On September 8, 2009, the Appellate Division decided In the Matter of Sergeant Maryelyn Conway, Docket No.: A-6162-07T3. In the case, Sergeant Maryelyn Conway appeals from an administrative determination of the New Jersey Transit Police Department suspending her for a period of four days for two related minor disciplinary infractions.
On the night of December 13, 2004, a car crashed onto an embankment above the New Jersey Transit train tracks in Waldwick. The vehicle was in a precarious position, with only a small tree preventing it from falling onto the tracks. Due to the danger that the vehicle might fall, train traffic in both directions was stopped.
Conway, a sergeant with the New Jersey Transit Police Department, was the supervising officer on duty at the time of these events. She did not go to the scene of the accident, but rather New Jersey Transit Police Officer Victor Migliorino was sent there. He reported to her that the Waldwick fire department, police, and emergency medical personnel were present, and that Waldwick personnel had taken charge of the scene. He did not believe Conway’s presence at the scene was necessary. She later deployed two other officers to the scene, contending that she did so in order that one of the officers could acquire more experience. She received periodic reports of the status of the scene from the officers present. She acknowledged in one radio transmission that it would have been easier if she were present. The New Jersey Transit police officers present did not play an active role in attending to the accident scene since Waldwick personnel were in charge. About an hour and one half after Conway was advised of the incident, the car was removed, and normal train traffic resumed.
Disciplinary charges were filed against Conway on January 10, 2005, due to her failure to go to the accident scene. She was charged with violating a General Order, which requires a police sergeant, as part of her duties and responsibilities, to “direct[ ] and participate[ ] in activities at the scene of emergencies.” Conway was also charged with “unsatisfactory performance” due to her failure to respond to the scene herself.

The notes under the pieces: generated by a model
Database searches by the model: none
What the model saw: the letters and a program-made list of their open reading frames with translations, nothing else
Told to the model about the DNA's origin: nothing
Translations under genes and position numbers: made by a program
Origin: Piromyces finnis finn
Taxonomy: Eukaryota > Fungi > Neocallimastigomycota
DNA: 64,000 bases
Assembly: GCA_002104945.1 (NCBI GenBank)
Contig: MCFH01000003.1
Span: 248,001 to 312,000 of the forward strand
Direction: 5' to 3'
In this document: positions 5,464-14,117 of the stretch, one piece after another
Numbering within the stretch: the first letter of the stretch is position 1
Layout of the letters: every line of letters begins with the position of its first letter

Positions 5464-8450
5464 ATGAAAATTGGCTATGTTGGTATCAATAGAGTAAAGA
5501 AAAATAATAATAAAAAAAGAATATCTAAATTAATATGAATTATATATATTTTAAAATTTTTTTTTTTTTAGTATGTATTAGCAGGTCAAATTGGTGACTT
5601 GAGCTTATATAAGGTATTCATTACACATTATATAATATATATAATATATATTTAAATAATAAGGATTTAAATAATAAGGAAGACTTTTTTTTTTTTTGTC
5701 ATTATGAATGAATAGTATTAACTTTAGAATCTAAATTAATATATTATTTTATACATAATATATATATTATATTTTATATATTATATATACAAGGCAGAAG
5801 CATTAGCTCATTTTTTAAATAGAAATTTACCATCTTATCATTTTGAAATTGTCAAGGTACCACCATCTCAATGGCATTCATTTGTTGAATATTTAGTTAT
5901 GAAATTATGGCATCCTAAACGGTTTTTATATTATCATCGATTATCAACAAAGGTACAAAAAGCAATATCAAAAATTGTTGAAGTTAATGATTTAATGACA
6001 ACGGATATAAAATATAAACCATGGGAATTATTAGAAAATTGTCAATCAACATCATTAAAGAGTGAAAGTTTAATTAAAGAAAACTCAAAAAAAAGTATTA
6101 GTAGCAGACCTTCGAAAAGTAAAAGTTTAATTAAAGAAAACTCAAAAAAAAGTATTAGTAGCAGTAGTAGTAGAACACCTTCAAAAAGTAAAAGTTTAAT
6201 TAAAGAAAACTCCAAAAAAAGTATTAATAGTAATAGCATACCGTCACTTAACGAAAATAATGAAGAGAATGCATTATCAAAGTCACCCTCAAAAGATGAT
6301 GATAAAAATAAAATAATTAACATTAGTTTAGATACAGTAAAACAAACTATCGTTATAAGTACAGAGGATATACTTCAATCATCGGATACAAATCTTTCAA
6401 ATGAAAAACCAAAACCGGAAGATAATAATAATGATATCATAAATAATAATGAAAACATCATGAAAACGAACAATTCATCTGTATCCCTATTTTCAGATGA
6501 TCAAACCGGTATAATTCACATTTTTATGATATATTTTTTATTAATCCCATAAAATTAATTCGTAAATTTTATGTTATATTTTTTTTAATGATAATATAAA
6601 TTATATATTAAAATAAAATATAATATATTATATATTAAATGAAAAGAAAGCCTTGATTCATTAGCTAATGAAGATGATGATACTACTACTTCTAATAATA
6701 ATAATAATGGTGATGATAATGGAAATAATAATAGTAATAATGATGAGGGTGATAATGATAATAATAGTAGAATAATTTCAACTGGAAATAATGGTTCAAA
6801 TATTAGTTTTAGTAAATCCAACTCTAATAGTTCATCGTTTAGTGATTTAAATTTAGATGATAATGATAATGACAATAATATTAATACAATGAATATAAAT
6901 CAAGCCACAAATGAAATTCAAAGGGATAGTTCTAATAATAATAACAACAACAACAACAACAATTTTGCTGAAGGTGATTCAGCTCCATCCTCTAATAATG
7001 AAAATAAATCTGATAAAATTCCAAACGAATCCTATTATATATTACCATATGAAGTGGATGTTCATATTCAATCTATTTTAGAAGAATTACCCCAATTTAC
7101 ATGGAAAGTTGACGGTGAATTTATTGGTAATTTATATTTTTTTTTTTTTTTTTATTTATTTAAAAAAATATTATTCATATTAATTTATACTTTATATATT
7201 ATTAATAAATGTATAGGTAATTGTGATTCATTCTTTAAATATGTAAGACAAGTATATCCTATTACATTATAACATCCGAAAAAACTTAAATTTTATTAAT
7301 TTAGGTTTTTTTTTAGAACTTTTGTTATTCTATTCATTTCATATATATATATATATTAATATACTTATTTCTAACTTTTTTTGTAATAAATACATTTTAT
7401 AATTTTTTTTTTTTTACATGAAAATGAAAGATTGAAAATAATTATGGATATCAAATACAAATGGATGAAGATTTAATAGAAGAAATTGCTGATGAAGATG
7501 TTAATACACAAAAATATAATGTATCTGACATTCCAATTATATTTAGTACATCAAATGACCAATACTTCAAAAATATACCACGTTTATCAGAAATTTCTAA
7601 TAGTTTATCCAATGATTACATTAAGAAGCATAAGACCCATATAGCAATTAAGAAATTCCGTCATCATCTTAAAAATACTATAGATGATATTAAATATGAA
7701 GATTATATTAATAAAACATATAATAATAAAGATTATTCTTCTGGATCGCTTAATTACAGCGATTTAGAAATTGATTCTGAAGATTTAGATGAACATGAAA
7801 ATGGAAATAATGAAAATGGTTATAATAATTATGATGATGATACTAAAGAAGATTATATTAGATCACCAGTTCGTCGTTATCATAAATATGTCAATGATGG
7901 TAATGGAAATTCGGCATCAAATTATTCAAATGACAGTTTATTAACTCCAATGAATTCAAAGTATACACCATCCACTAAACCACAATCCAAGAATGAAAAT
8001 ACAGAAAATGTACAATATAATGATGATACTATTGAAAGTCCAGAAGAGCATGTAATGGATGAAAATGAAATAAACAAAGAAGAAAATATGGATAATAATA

The internal disciplinary hearing was conducted on May 20, 2008. In a lengthy written opinion, the hearing officer found the charges to be substantiated. In the final agency decision dated July 1, 2008, New Jersey Transit Police Chief Jospeh C. Bober found Conway guilty of both charges and imposed a two-day suspension for each charge, for a total suspension of four days. This appeal ensued.
On appeal, Conway raises due process and fundamental fairness issues, maintaining that the three-year delay between the filing of the charges and the hearing violated her constitutional rights. In addition, she asserts that in conducting the investigation in this matter, New Jersey Transit violated the internal affairs guidelines promulgated by the New Jersey Attorney General’s Office. Conway also contends that New Jersey Transit has failed to meet its burden of proof with respect to the charges.
The Appellate Division noted that the record contained substantial credible evidence supporting New Jersey Transit’s finding that Conway committed the two infractions. Further, the Court found no merit in Conway’s contention that her due process rights or principles of fundamental fairness were violated because of the delay between the filing of the charges against her and the date for the hearing. Nor did the Court find that principles of laches barred the prosecution due to this gap in time. As such, the Court affirmed the final agency determination and upheld the four day suspension.